Most Princess Diaries fans would’ve already read this book. If you’re new to the series, you might want to pick up the first couple of books before diving into this one. If you’re not a fan… Well, there’s nothing here that will change your mind.

Book: How to Fall in Love

"How to Fall in Love"

Adam Basil and Christine Rose are thrown together late one night, when Christine is crossing the Ha’penny Bridge in Dublin. Adam is there, poised, threatening to jump.

Adam is desperate–but Christine makes a crazy deal with him. His 35th birthday is looming and she bets him that before then she can show him that life is worth living.

Against the ticking of the clock, the two of them embark on wild escapades, grand romantic gestures and some unlikely late-night outings. Slowly, Christine thinks Adam is starting to fall back in love with his life. But is that all that’s starting to happen?

How does one fall in love?

Completely.

Utterly.

Without warning.

That’s what happened to me while reading Cecelia Ahern’s most recent book. I fell completely and utterly in love–without expecting it. Because, to be quite frank, I found the first few chapters of this book a chore to plod through. But I fought on. Because the premise intrigued me. How do you convince someone who wants to kill their self that life is worth living still?

Apparently, the answer is by living life with them.

Ahern is a master storyteller in this book, weaving the intricate patterns of a realistic love story without losing sight of who her characters are.

Both Adam and Christine are flawed characters. They have issues. And throughout the course of their story, their issues develop with them. Ahern doesn’t employ the magic of love in her story–she tackles the reality head on by having her characters address the fact that, even in love, they cannot change their very core in an instant just because they wanted to.

But what made me fall in love with Ahern’s book isn’t just the realistic approach it has about love between two people with issues. It’s how it tackles the distinction between falling in love, and falling in love with love. And it deals with the repercussions of every action the characters make.

Still, the book isn’t perfect. It holds back one particular information that changes how we see the characters. Specifically, how we see Christine. An information which I feel would’ve enriched the character had it been shared much earlier.

Because I don’t think this withheld information would change the trajectory of the characters’ stories. In fact, I believe that it would make the story much more satisfying for the readers, because you get to understand Christine’s motives from the get go. And you appreciate her actions more.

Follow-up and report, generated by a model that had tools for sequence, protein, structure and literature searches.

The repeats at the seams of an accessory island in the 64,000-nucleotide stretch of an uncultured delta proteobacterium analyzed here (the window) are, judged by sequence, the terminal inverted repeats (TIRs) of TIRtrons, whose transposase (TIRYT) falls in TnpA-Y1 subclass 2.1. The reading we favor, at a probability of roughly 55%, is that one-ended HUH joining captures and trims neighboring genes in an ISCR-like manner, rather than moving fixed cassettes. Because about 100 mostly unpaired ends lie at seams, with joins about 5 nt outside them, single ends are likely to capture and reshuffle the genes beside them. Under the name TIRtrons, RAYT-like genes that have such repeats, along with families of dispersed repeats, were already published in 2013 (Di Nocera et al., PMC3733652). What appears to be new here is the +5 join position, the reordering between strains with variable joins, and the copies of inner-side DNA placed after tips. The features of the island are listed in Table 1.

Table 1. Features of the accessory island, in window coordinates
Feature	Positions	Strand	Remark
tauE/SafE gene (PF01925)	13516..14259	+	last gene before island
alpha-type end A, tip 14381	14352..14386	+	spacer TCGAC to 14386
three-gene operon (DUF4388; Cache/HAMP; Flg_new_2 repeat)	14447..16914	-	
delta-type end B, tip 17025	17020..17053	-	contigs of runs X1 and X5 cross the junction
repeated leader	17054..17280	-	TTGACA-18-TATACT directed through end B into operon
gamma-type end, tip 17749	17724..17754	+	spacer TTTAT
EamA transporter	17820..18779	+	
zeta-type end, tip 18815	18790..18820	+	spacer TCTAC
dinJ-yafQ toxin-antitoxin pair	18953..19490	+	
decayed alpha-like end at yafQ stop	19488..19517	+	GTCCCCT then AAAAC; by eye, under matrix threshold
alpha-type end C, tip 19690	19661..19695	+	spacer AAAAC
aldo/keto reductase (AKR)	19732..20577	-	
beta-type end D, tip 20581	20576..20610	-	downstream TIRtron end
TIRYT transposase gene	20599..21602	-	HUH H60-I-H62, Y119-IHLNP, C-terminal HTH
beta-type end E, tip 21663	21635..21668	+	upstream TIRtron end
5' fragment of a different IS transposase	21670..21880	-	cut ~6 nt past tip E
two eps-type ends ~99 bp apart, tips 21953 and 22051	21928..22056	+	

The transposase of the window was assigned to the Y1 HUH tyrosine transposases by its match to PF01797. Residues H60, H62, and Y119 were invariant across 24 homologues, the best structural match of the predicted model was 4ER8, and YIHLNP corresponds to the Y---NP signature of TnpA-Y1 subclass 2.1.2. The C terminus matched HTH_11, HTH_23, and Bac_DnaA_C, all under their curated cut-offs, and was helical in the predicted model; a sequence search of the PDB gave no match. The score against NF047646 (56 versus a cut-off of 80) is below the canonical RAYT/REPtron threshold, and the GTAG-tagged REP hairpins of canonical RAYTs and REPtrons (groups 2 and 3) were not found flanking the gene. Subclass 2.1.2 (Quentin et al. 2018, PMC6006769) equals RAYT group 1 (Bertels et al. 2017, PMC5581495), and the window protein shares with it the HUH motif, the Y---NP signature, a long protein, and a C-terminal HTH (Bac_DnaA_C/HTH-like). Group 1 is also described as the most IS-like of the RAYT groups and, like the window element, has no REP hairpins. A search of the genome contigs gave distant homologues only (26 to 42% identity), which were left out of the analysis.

Even with this game-changing secret though, I still fell in love with the book. Which, I guess, is also the lesson the book wants to convey: you only know you’re in love with someone when you accept their faults–even before you find out the reason for them.

And I accept the faults of this book. Because, at the end of it all, it tells a beautiful story about life, love, and accepting your lot in life.

Now, go and find a copy of How to Fall in Love. Buy it or borrow it. Read it.

If you’re still on the fence about the book, then you can always read what other people have written about the book. To help you decide:
Chloe’s Chick Lit Reviews
I Heart… Chick Lit
Novelicious

Book: Shine

"Shine"

This is not a ghost story, thought there are plenty of ghosts in it.

And it’s not a horror story, though some people might be horrified.

It’s not a monster story either, though there is a monster in it. And that monster happens to be me.

I fell in love with Candy Gourlay’s writing with Tall Story. Unlike so many writers, she was able to marry her Filipino heritage with her England setting in such a way that it didn’t feel forced. Maybe because she never lost sight of how her story is about siblings who just happen to be Filipino. In her new book, though, I think Gourlay struggles with the made-up town of Mirasol. And I blame the story’s reliance on superstition and flashbacks.

In Shine, the author takes us to a town where people believe in monsters; and introduces us to Rosa, a girl made to believe that she was a monster because of a birth defect. The first chapter sets up this new world beautifully. And then, in the second chapter, it all goes to pieces. Mostly because there are three stories running simultaneously, and only one of them is handled well.

Plot number one: who you are versus who you say you are.

The most interesting premise of the book, I feel, is its plot about Rosa wanting to be seen as normal. And in a town where people are afraid of her because of how she looks and how she sounds, her only solace is the world wide web. A world where she can be whoever she wishes to be. A world where her looks won’t matter.At least, not at first.